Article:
No Provision of New Jobs: New Direction Will Fail

 

By Ranger

Lack of jobs militates against poverty reduction. The UN 2013 Economic Report on Africa recognizes the problems with the current lopsided growth pattern – it is presented under the heading ‘Making the Most of Africa’s Commodities: Industrializing for Growth, Jobs and Economic Transformation’. It points out that the employment problem remains unsolved in most African countries.

Millions of young Africans clamoring to migrate to Europe, Asia and the Americas means simply that growth in many African countries have not been translated into the broad-based economic and social development needed to lift millions out of poverty and reduce the wide inequalities seen in most countries. This is because Africa’s recent growth, driven by primary commodities, has low employment intensity – that is, the ability to generate jobs.

 

Thus the continent continues to suffer from high unemployment, particularly for youth and female populations, with too few opportunities to absorb new labour market entrants, with the proportion of people living in extreme poverty (below $2 a day) remaining high.

More than 70 per cent of Africans earn their living from vulnerable employment as economies continue to depend heavily on production and export of primary commodities.

Investments remain concentrated in capital-intensive extractive industries, with few forward and backward linkages with the rest of the economy.

With such a bleak reality for most young Africans, experts have recommended five elements that they say are absolutely essential for development:

1. A high rate of savings and investments

2. A first stage of import substitution increasingly to be combined with expansion of exports

3. Absorbing technological knowledge from abroad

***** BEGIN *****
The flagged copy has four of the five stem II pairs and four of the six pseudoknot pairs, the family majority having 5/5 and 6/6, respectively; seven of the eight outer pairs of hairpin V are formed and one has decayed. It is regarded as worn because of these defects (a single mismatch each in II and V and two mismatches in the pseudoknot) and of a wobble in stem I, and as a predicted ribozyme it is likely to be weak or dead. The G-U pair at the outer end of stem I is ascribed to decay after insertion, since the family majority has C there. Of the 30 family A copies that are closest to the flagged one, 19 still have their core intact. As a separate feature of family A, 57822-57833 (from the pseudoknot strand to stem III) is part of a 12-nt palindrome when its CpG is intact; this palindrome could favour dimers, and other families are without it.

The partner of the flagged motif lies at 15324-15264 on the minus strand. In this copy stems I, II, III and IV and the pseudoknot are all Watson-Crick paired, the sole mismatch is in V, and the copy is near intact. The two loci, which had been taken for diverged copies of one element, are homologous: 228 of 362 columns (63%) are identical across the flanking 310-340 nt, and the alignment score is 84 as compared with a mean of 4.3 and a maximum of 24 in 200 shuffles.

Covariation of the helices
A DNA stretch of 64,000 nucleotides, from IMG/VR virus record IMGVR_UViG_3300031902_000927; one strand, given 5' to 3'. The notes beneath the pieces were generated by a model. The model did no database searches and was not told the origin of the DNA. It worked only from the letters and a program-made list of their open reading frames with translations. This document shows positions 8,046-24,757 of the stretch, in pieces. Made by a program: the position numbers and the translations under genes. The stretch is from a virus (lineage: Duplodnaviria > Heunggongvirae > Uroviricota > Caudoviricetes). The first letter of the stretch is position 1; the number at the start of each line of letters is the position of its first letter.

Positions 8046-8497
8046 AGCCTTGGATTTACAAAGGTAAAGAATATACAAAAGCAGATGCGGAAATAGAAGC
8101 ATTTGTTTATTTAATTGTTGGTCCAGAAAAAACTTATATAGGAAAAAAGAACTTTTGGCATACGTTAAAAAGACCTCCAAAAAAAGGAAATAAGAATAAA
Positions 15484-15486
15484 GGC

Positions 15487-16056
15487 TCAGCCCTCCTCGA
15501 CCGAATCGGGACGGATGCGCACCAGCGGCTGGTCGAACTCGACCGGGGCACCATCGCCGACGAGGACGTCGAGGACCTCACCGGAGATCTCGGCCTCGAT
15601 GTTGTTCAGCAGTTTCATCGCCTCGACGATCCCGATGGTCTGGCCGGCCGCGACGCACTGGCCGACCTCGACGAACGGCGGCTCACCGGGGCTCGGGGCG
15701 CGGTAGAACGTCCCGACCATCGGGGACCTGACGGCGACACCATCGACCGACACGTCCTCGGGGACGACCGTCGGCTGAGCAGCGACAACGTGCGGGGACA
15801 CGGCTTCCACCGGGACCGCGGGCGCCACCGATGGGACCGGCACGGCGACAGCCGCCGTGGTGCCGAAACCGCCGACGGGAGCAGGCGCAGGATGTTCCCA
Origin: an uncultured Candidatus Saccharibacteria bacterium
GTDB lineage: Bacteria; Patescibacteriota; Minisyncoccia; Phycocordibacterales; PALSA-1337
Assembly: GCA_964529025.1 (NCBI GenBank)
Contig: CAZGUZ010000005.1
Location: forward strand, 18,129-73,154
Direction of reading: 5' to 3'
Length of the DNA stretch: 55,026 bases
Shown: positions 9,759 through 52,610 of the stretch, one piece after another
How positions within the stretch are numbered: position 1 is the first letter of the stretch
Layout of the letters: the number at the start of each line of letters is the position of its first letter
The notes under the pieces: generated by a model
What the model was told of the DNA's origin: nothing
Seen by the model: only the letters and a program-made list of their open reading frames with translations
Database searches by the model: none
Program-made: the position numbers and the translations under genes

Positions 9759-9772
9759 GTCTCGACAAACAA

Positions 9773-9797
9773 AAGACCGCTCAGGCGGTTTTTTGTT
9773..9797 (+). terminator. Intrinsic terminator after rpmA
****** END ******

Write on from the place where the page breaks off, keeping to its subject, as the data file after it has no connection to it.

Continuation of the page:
4. Focusing upon expanding the manufacturing sector

5. An active role for the state in guiding the direction of development.

It is interesting to note that in the countries that were the most successful and competitive entrants in the world economy, Japan, Korea and China, all the five elements were present.

But it is also true that in other parts of the world the attempts to combine import substitution with learning from abroad were much less successful in developing self-propelling industrial growth – at least in the long term.

The less successful examples were often countries in Latin America and Africa with higher degrees of inequality and with political systems that invested less in building the domestic knowledge base necessary to learn from abroad.

Therefore accelerating growth in the currently dominating sectors – such as agriculture or the urban informal service sector in Africa – is an obvious way to raise income per capita in the short to medium term.

A typical pattern of growth for the rich countries has been to raise productivity in agriculture while workers have moved from agriculture to manufacturing.

In Africa, raising the productivity in the informal sector and to create demand for labor outside the informal sector is a major challenge.

This is important since the informal sector remains a significant and even expanding economic force in sub-Saharan Africa. The sector is estimated to account for more than 65 percent of non-farm employment in sub-Saharan Africa.

Thus, it is obvious that a successful industrialization strategy would reduce the relative weight of the informal sector in the long term.

Given its current weight in the sub-Saharan economies, measures to upgrade workers’ skills and the technologies used in the informal sector would give substantial contributions to growth and welfare.

The same is of course true for agriculture, which is the other major sector in terms of employment in most of the least developed economies.

This is why we believe that unless the new government provides thousands of new jobs for the unemployed youths across the country, the agenda of the New direction is likely to fail.

 

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